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Review: The Gilded Cage by Camilla Läckberg

Cover of the English version


People would kill to have Faye von Essen’s life. She lives in an ultra-swanky apartment in the most exclusive area of Stockholm, she has a gorgeous husband who gives her everything she’s ever wanted, and she has an adorable daughter who lights up her world. Faye’s life is perfect.

So how is it, then, that she now finds herself in a police station?

The truth is that Faye’s life is far from what it seems. The truth is that Faye isn’t even her real name. And now she’s been caught out. There’s no way she’s going to go down without a fight. The only question is – who will escape with their life?

This book is amazing. Seriously. In this book, Läckberg has taken everything she’s learned writing crime fiction and turned it on its head.
This time she writes from the perspective of a villain.
It is a villain whose evil deeds are, some would say, justified, but she is a villain none the less. Faye, the main character of this book, is, at her core, a revengeful and evil person. But it’s worth noting that most of the other characters in this book are also evil. Especially Faye’s dad and ex-husband Jack, the targets of her revenge plots. It’s just that Faye is the most evil of them all.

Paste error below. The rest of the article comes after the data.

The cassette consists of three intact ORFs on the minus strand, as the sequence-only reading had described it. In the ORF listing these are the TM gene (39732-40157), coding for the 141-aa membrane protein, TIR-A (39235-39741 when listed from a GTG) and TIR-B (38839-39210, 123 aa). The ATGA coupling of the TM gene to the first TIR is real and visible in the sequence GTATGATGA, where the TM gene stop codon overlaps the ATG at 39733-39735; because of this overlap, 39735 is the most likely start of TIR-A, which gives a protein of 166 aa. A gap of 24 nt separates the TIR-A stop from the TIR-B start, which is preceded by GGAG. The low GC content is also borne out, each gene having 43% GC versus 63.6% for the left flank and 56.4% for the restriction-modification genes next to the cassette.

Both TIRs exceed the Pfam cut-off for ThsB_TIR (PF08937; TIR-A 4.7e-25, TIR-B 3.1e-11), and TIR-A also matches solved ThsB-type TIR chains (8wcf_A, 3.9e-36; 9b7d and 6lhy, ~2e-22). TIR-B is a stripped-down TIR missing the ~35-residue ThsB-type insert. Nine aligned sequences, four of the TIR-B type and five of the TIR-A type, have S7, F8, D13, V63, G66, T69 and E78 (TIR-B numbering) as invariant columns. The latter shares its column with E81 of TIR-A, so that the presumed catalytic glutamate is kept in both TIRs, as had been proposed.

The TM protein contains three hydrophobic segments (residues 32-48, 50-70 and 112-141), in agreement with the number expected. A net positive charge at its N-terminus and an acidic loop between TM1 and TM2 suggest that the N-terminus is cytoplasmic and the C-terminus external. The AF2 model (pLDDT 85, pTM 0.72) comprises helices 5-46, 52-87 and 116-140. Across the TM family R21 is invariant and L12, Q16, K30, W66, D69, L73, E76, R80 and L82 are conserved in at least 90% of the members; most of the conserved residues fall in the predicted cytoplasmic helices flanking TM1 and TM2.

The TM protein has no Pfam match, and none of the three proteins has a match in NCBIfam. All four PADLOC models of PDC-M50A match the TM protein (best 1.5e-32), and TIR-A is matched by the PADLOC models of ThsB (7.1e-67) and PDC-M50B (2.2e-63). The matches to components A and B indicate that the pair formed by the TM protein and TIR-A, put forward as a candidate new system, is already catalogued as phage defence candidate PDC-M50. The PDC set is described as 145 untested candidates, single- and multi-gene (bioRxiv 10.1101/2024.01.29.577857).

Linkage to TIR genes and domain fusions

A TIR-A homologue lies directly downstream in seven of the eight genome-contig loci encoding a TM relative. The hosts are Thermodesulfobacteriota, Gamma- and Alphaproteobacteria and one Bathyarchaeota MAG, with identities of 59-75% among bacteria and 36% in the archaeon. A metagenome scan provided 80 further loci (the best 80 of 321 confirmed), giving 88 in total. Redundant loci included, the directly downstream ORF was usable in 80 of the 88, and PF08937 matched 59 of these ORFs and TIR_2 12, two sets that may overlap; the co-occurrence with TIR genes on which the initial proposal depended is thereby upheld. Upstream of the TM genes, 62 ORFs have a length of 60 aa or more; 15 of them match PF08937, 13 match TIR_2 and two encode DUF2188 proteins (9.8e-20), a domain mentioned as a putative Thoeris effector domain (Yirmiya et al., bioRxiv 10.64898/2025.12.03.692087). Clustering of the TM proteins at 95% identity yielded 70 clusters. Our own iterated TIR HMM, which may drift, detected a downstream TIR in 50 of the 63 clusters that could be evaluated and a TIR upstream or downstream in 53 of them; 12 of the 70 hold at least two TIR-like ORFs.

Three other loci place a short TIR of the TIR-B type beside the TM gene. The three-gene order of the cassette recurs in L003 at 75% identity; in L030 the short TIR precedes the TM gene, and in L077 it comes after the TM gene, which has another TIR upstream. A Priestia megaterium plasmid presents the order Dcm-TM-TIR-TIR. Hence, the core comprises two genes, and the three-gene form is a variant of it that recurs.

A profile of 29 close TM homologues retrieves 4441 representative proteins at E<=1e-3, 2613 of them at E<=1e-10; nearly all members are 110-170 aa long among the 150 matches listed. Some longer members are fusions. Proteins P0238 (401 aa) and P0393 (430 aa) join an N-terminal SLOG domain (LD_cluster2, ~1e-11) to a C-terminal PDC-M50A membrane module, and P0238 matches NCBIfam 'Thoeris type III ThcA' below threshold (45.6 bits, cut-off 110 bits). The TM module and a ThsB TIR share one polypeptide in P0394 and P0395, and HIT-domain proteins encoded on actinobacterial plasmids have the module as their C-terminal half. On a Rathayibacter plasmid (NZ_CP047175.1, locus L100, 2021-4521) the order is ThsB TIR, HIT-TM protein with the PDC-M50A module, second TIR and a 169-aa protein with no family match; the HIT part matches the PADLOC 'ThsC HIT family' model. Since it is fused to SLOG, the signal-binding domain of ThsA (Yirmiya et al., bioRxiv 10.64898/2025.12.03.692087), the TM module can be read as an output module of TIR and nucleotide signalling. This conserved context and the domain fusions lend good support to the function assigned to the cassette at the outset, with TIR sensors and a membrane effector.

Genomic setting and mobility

But Läckberg contrasts Faye’s evil character with a best friend, Chris, who is really nice and happy. She helps highlight Faye’s redeeming qualities, which is vitally important in order for a character such as Faye to carry the book on her evil shoulders. This book is perfect example of how to write a villain. And I’m not talking about a villain in the “opposition to the hero” sense here – in this book, Faye IS the hero. But the things she does undoubtedly make her a villain. None the less, Läckberg has given her so many redeeming qualities that it’s sometimes easy to forget that fact.
Läckberg had me glued to every page – this book is a masterpiece.

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